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Bloomfield Office
Three Regency Drive
Bloomfield, CT 06002
Phone: (860) 242-2221
Fax: (860) 286-0185

Immigration Through Investment: A More Conventional Path

For a person of moderate-to-substantial means looking to come to and live in the U.S. with a Green Card, immigration through investment can be a relatively convenient vehicle.

One major problem with more “traditional” methods of immigration is that they require either a qualifying family or employer petitioner. In both cases, government processing delays and quota unavailability are frequent impediments. For example, a typical case for an employee who is either a skilled worker or a professional looking to come to the U.S. will take four to six years, and cases involving lesser-skilled workers can take longer. Even worse is family immigration, where (aside from immediate relatives of U.S. citizens) it can take as long as 20 years.

Conversely, most investor cases will be completed well within one year.

So how is this possible?

Historically, investors were treated the same as retirees who wanted to live in this country and would not compete for U.S. jobs. To qualify, an individual had to invest a minimum of $10,000 in a business which he intended to operate. Those who qualified under this law were placed in the lowest category under the quota, and could only come if there were available Visa numbers not used by the higher categories. By 1976, that portion of the quota was so far behind that it was eliminated. Thus, entrepreneurial permanent immigration ceased this to exist.

In 1990, Congress overhauled the employment based immigration laws and quotas and created a category known as EB-5 for investors. The purpose of the law was to stimulate the economy through influx of foreign money and employment creation. The basic requirements of the new investor law were $1 million in capital invested in a new business enterprise, and that business directly created 10 full-time permanent jobs. Additionally, the investor had to show that his/her investment would prospectively benefit the United States economy.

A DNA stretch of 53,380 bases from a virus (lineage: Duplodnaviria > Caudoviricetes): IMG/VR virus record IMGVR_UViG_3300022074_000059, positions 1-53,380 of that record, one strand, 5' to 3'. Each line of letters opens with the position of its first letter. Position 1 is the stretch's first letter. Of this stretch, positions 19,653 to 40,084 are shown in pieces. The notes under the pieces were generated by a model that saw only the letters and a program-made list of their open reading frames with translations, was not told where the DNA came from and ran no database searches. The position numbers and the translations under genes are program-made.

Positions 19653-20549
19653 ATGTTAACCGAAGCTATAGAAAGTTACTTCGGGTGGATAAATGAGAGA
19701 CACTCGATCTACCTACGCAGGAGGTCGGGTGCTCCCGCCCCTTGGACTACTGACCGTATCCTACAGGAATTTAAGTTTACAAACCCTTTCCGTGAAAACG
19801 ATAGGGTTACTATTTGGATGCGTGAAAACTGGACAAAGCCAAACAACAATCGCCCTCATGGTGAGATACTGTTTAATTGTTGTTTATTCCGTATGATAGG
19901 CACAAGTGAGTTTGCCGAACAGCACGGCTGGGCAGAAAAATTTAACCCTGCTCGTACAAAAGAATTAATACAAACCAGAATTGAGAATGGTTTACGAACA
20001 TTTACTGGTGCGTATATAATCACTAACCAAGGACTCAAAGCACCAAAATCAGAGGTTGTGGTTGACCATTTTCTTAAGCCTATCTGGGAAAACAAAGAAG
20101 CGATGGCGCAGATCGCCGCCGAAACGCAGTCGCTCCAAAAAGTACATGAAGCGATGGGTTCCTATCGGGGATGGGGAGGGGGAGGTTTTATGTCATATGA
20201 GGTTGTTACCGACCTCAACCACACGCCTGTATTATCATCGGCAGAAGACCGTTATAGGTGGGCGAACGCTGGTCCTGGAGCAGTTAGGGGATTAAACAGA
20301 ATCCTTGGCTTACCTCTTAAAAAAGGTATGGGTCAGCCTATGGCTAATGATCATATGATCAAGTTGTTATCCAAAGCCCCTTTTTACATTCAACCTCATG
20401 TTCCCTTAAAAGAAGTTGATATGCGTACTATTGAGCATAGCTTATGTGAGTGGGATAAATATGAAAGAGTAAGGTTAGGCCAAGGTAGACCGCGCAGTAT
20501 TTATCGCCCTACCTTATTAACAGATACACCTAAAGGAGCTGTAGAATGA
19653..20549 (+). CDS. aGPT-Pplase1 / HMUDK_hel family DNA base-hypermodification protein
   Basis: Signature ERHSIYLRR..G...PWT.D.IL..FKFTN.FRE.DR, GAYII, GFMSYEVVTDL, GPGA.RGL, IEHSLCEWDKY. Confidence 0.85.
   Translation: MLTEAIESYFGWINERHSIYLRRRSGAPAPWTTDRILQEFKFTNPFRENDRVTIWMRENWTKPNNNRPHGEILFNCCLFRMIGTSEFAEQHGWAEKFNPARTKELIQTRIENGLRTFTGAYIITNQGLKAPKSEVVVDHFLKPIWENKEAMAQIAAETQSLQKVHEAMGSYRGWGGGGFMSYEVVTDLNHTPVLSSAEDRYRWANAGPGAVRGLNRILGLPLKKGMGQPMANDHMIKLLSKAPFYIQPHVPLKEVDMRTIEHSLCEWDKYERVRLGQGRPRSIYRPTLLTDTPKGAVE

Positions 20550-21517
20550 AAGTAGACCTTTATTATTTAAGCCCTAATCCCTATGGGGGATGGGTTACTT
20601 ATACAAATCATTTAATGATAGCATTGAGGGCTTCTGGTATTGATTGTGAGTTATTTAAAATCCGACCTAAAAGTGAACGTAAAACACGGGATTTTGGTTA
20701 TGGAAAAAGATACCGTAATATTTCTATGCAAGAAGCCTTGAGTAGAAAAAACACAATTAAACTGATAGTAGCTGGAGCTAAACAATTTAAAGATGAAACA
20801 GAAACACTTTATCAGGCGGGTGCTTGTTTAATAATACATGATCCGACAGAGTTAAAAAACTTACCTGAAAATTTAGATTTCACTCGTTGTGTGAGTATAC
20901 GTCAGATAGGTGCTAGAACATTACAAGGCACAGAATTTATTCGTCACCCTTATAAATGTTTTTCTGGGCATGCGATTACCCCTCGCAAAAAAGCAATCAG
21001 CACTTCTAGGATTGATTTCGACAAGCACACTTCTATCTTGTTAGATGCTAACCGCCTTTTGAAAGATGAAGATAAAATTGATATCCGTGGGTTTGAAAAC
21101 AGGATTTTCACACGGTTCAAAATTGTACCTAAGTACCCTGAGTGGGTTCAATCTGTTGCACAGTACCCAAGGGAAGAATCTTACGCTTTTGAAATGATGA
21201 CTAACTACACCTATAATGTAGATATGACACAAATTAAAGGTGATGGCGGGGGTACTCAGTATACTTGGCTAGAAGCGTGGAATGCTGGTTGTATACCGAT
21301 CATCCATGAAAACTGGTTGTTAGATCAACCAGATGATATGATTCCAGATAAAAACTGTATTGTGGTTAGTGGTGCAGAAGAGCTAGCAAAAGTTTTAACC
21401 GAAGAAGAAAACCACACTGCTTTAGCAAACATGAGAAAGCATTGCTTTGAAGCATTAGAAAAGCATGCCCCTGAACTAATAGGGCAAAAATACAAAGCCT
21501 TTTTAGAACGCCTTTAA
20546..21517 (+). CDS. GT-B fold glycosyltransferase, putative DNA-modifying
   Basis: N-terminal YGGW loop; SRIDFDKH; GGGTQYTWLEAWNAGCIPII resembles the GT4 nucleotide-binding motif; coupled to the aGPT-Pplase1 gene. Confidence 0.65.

The statute required some hands-on contact with the new business, and an immigrant investor had the burden of showing that the funds used for the enterprise were gained by lawful means. The status granted is permanent, but subject to the conditions that the applicant show that the investment has been fully made within two years and that jobs had been created within that time period. An application to remove the conditional basis of the permanent residence is required near the end of the two-year period.

The statute also provides that if the investment were in a "targeted employment area," the total investment would be reduced to $500,000. A "targeted employment area" is defined as a rural area or an area which experienced unemployment at 150% of the national average.

Immigration published regulations which clarified certain confusing provisions of the statute. For example, one could create a "new business" by purchasing an existing business and expanding it so that the net worth or number of employees was increased by 40% as a result of the investment. Additionally, the regulations allow for a savings of jobs in lieu of creating jobs in the event that the enterprise qualifies as a "troubled business”.